Pension or annuity: Fighting words

Years ago I was on a TV panel of alleged media “experts.” The host interviewed us about our jobs and the beats we were then covering. My area of “expertise” was the federal workforce.

I didn’t know much more than they did, probably. But I was mostly raised in Washington, D.C., and my mother was a government worker from GS-2 to GS-14. Not, as they said back then, bad for a woman!

The host surprised me when he asked what is one thing outsiders could ask a federal bureaucrat — his word, not mine — that would make them angry. I told him that bureaucrat was sort of a putdown, like calling a newspaper reporter a hack or a public relations representative a flack.

But the one way to anger many feds, and I learned this the hard way, is to tell them or remark that they are lucky to have such a good pension — then stand back. Many feds have told me, and others, that they don’t get pensions in the traditional sense. A pension, they feel, is a gift or grant from the employer, something the company pays you out of the kindness of its heart after 30 or 40 years of faithful.

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Feds resent the term because they do contribute to their retirement benefit. Hence it is an annuity, something they purchase now for use later. That’s true up to a point. Feds do contribute toward their retirement. And in most cases it is 100% more than most of us private sector types ever kick in if we are still lucking enough to work in a place that still offers pensions. But the amount of the contribution represents only a tiny portion of the total benefit they will receive over lengthy retirement. Especially if it is indexed to inflation in whole, like the Civil Service Retirement System benefit, or in part, like the Federal Employees Retirement System. By some estimates employees recoup, or get back in benefits, all they contributed within 18 months to two years. Maybe you can do the math in your own case.

Anyhow, for decades now I’ve carefully avoided saying pension in word or print because I know it bothers people. But it confuses some, too, for good reason. I got a reminder of the pension versus annuity distinction last week. A reader in Washington state said she like the column on the best times to retire, but that I had made a mistake by referring to the federal CSRS and FERS benefits as an annuity rather then a pension. Here’s what she sent me:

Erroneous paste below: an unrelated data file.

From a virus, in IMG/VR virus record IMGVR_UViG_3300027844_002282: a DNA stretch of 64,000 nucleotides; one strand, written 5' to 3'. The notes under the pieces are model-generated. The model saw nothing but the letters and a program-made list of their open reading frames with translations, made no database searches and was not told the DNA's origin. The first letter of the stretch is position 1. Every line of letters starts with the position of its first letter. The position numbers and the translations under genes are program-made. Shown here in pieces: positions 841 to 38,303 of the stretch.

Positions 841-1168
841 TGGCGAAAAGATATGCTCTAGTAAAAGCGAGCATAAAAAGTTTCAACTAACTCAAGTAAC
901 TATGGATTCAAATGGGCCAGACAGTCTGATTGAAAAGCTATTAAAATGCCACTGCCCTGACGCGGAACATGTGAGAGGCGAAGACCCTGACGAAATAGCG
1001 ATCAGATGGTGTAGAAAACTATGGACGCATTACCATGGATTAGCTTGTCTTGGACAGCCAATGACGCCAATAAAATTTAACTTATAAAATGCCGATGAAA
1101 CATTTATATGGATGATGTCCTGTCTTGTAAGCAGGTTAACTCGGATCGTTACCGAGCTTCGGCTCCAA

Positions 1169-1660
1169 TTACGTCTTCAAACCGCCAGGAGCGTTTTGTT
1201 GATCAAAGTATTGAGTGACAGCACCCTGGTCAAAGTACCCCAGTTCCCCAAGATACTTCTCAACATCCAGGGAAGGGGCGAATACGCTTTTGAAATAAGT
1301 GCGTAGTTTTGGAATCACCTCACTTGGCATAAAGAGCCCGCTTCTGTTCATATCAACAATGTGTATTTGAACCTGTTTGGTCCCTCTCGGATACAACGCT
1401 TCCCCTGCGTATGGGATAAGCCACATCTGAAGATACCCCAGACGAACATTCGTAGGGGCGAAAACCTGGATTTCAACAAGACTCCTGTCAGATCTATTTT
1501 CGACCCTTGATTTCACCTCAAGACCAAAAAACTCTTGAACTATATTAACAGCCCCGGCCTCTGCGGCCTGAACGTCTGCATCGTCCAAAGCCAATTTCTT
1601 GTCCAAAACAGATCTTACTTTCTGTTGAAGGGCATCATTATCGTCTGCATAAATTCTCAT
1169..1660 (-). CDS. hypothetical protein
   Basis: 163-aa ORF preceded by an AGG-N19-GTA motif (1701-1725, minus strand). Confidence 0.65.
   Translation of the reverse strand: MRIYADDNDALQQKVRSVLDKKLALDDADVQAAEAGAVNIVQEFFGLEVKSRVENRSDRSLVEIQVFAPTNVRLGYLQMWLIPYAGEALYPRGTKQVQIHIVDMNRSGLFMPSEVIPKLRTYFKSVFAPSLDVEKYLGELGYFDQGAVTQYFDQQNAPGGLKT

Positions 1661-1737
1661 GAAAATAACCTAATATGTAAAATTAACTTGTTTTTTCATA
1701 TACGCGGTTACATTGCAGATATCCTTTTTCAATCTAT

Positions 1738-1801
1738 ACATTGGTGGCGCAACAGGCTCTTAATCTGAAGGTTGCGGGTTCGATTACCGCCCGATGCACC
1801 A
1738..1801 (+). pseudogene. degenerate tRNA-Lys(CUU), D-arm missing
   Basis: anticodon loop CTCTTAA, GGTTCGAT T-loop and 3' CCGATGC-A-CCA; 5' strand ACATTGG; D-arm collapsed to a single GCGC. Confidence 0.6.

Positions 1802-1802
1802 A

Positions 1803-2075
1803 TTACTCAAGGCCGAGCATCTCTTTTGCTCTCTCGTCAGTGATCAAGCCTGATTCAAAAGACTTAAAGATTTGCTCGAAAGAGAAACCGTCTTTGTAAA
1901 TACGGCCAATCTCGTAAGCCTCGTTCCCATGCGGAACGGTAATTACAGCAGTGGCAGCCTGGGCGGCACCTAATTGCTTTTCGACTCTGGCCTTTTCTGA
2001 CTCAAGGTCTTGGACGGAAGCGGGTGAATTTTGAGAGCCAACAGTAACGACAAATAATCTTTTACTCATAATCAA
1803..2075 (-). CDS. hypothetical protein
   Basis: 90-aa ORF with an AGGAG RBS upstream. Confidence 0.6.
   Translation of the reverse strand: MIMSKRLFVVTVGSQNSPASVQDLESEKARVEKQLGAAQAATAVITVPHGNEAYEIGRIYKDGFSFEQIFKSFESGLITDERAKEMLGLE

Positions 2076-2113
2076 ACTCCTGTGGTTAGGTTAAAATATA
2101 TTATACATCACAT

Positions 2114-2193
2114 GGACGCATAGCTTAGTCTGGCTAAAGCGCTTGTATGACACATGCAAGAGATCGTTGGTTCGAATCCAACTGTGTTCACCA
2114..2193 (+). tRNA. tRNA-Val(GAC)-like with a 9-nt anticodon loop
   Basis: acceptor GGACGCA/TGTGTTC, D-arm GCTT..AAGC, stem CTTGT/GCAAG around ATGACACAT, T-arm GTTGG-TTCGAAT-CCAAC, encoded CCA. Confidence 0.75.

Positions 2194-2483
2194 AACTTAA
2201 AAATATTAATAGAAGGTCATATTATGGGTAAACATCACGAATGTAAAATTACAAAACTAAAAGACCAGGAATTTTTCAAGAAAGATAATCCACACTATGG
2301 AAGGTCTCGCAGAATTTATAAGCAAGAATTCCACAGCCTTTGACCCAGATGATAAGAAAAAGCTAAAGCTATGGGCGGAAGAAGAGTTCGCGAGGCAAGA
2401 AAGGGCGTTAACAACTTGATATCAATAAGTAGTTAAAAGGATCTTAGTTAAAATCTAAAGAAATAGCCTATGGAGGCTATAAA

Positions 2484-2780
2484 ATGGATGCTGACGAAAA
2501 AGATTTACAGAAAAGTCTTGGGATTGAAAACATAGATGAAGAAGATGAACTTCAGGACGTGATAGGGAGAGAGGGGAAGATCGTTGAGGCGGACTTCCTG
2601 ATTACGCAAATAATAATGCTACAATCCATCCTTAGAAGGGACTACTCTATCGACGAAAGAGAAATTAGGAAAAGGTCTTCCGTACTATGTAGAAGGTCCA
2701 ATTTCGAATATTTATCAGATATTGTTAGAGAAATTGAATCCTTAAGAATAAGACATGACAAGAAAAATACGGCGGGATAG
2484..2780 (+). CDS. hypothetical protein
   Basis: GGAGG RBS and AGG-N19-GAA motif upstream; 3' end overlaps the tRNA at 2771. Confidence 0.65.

“A pension is paid to the company/government and is later (upon retirement) paid out from the company/government to the individual. An annuity is an agreement or contract with an insurance or investment company that then agrees to pay out a certain amount each month or year. These can be arranged by paying monthly payments to the company monthly to a one time lump sum payment, such as cashing in your Thrift Savings Plan for a lump sum annuity. In my opinion, they are very expensive and right now have a super low return on your ‘investment.’

“Both can go away when you die or have a percentage go to a spouse or dependent child for a cost … Here is an example: TSP single life annuity calculator with a $500,000 lump sum payment from your TSP upon retirement, age 62-100 and level payments.”

And she’s right. I wrote her back telling her I appreciated the info, and that while she is correct, I’m sticking with annuity versus pension for obvious reason. She said she understood and was looking forward, someday, to get an annuity from her government job.

Case closed!

Nearly Useless Factoid

By Amelia Brust

Button down shirts have a loop between the shoulder blades, known as a locker loop, because originally Navy sailors needed a way to hang their shirts without a closet and keep them looking nice. Then the GANT clothing company adopted the detail for their shirts marketed at the Ivy League set, and the locker loop became a kind of status, and relationship, symbol. Many male students removed their loops to signal they were taken.

Source: Southern Living